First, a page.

Interview of Their Royal Highnesses for “PORODICA” (Family) magazine,
issue 21, 2003
The Karadjordjevics in Dedinje
WE ARE HERE TO GIVE
When the iron gate opened wide and we were let in the Dedinje Palace park, the “Porodica Team” have started to discuss the protocol: how to address to Karadjordjevics? Whether to shake hands or... Soon it turned out you can feel just like at any other Serbian home, but some minimum of protocol is respected: we were taken into a salon with gilded period furniture, but we were shown which two seats are reserved for our hosts.
After the handshake and “nice to meet you”, we ask if European court protocol is applied in The Palace.
- We try to be correct as much as possible but one must be careful not to be too formal because it puts a wall between people. Of course I have a seat that I always like to sit in, but one must always give full respect to the ladies and make sure that everybody gets properly served, and as the hosts, see that everybody is very well taken care of. The whole concept is to make all visitors feel at home – replies, with a smile Prince Alexander Karadjordjevic, and Princess Katherine adds to his words; she gets up and offers us with sweets served on a large porcelain plate.
- I think you’d be very surprised how much the European monarchies are trying to be more relaxed and open, more in contact with the people. Naturally, there are some monarchies in Europe which are more formal than others. But basically the principle is, to be very correct to the people with naturally, respecting tradition. My concept is to be more along the lines of constitutional monarchies such as the Spanish one or the Scandinavian monarchies.
What monarchies do you have the best contact with?
- I’m related to most of the European monarchies so the relationship is extremely cordial and worm. My wife and I are invited to many occasions and of course this is a great friendship but we are not only close to European monarchies, we are also close to the Middle East monarchies, and even far away monarchies. This friendship and family relationship give one a chance to learn a lot from what they do and in addition one gets an insight into their rules and regulations and how they handle their monarchies. The basic principle of all these monarchies is the continuation, but also a certain amount of discipline.
Can we expect to see some of the royalties as our guests here?
- Yes, but there are certain political events that have to happen before they come. It’s very important that our people understand that certain individuals have been requested to be handed over to the Hague tribunal. Of course, this is not a matter to do with me, this is a matter to do with the Government that is in power, and should these demands which are unfortunate because it’s somewhat like ransoming the people, be met, there will be visits from heads of state which include presidents, Kings and Queens.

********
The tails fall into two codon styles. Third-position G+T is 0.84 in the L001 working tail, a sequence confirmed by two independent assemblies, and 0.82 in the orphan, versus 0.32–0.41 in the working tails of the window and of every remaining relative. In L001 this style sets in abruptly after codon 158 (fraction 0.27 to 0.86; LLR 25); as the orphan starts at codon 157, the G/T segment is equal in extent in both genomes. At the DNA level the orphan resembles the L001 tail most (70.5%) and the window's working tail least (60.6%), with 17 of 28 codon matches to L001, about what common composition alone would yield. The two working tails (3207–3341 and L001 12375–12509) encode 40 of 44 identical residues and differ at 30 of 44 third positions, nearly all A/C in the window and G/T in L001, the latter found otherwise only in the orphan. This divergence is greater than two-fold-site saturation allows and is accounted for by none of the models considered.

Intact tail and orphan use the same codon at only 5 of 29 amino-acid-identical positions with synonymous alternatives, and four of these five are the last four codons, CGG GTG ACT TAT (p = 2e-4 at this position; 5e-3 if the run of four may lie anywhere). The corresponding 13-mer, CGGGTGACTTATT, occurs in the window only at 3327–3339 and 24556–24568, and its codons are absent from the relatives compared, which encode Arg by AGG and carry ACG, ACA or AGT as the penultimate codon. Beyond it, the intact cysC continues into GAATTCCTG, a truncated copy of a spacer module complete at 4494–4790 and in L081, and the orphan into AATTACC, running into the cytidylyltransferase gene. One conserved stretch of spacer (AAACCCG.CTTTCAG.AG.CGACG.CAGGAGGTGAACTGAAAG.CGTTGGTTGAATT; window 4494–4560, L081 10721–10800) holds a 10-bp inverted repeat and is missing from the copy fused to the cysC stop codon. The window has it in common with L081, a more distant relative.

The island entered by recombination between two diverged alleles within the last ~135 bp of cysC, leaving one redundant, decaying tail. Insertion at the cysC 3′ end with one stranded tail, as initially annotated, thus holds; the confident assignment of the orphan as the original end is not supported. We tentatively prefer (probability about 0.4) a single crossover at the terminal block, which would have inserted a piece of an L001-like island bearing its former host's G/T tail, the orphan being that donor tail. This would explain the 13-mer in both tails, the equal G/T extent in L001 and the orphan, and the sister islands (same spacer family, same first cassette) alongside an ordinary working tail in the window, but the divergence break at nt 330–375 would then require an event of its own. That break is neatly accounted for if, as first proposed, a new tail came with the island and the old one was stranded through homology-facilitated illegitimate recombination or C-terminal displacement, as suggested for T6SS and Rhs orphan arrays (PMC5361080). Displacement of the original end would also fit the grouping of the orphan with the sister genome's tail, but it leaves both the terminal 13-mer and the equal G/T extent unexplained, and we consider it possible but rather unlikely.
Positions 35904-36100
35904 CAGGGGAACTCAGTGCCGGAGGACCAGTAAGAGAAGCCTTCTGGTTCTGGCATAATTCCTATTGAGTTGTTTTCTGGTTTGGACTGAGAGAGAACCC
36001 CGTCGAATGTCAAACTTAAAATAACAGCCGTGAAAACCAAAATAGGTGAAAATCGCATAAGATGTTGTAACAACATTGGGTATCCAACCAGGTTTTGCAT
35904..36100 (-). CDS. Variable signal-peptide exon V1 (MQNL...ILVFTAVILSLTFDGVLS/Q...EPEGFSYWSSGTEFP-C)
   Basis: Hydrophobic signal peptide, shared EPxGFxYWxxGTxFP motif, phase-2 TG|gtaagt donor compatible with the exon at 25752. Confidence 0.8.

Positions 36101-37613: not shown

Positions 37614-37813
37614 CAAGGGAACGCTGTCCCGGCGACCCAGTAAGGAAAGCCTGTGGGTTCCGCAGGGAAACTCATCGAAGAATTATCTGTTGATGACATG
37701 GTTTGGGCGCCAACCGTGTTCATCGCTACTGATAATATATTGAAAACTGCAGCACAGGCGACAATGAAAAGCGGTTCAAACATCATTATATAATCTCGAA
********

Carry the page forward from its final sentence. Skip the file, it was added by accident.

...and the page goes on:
At this time we have only had one head of state visit us and that was President Chirac of France, and outside the European Union, we have had the President of Russia Mr. Putin, we had recently the President of Croatia and other neighboring personalities. But it’s important that we develop our relationship with the European Union countries, because we must not forget that this is going to be our market, and the European Union is growing. Certainly, my conversations with many personalities, across Europe, including my relatives, Kings and Queens confirm that they will be ready when their Governments are ready.
I DON’T REGRET FOR COMING BACK
For three years since you have been here, some good and some bad thins have happened. Would you give us your personal feelings about your life here? Do you regret sometimes?
- I have never regretted for coming back home, to my roots. The tragedy was that at the age of two, when Kardelj signed this document, I became an enemy of the state when I could hardly talk. This was a violent point against human rights, and this really only came to an end after 5 October 2000 revolution. I was hoping after 1989, following the collapse of communism not only in the former Yugoslavia but also in the satellite countries and the Soviet Union that this was a golden opportunity to come home. But, I need not repeat to your readers what happened. Our former communist leaders used negative nationalism and negative religion to remain in power, and many people paid the ultimate cost with their lives, and the sad thing in coming home is that all this happened in that period. Not forgetting the lack of freedom during the dictatorships that we have had in the past. Before 1989 we had two categories – one under Tito, and the second category after the death of Tito when we had rotating presidents every year. So you take those two, and the crazy years since 1989, up until 5 October 2000, we’ve lost a lot of time. I just hope that now we can get our act together, and that’s where the pain comes, wondering what’s the future for our people. But to conclude your question, I’m very happy to be in the home of my father and grandfather.
When you speak about the Palace, you say ”home”. Have you got used to the house and everyday life in it, and adjusted to the place? Do you have your favorite spots where you take your tea, see your friends, write letters or relax?